As we continue to evaluate these point guards (Lin, Wall, Irving, Rose), let’s look at the BAM Score. Remember we had a total BAM Score.
The score includes standardized test results for speed, agility, and power**. These norms are established from a large athletic population base and are not sport specific. What does this mean? In the simplest terms, when we consider an athletic component we utilize data from a variety of tested athletes, football, soccer, lacrosse, etc. So when a basketball athlete scores an 80 for speed, a good result for basketball, they may not be as fast as other sports with regards to speed. One of the fastest times for the NBA combine came from Nate Robinson (yes, the three time dunk champion) who would have a BAM Score for speed in the 95-98 range. Nate comes from a very diverse athletic background. He was a starting cornerback at the University of Washington, state record holder in the high hurdles, and you’ve seen his hops.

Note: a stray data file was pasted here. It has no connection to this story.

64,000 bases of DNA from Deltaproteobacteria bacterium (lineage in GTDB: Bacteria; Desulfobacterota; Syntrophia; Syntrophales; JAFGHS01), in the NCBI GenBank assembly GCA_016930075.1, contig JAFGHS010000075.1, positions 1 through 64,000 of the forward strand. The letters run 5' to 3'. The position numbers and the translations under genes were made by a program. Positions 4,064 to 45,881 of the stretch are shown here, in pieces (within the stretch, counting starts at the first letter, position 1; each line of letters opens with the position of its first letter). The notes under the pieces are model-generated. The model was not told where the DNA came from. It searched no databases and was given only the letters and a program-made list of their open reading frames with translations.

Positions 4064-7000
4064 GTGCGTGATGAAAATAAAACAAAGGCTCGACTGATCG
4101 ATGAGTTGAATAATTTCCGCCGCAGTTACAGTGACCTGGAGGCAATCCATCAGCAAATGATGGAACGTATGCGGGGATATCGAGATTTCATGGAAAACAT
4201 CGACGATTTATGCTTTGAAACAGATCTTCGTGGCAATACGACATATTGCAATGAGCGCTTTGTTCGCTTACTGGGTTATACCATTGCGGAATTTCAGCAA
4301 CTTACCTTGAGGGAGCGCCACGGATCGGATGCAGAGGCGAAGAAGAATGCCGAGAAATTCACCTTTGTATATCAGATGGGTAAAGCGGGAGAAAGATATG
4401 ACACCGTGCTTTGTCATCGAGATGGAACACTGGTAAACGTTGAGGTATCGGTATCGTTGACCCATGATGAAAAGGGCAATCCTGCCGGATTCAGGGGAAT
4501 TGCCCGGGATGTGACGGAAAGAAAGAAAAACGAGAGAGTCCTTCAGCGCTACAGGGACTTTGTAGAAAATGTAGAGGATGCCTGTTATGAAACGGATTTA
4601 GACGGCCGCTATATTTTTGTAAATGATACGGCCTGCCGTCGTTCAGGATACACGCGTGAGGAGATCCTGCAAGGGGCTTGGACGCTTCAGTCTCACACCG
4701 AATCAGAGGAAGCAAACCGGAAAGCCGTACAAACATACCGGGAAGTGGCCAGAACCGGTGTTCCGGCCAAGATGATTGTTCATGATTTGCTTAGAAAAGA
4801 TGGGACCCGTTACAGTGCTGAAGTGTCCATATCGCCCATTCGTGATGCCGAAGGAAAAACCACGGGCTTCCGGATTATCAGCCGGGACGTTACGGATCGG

Logic dictates that the highest scoring athletes stand a better chance at success, even though typically most athletes have a weak link in their performance chain. This is illustrated in the below diagram. Lin has comparable speed and agility but ranked lowest on power. Irving and Wall have lower individual BAM Scores for one attribute but an overall better BAM Score.
Why is this useful? Quantifying this provides a tool for physical development and injury prevention. Ability to reliably measure a specific athletic attribute such as agility or power may be even more significant. The BAM Score does all of the above, while establishing a preferred range by gender, sport, and position for the overall and specific attributes. This is what makes the BAM Score unique.
More to come soon.
** Besides speed, power, and agility BAM Score can also include other athletic qualities: reaction, local muscular endurance, and performance ratios. For this study those metrics were not available for all athletes.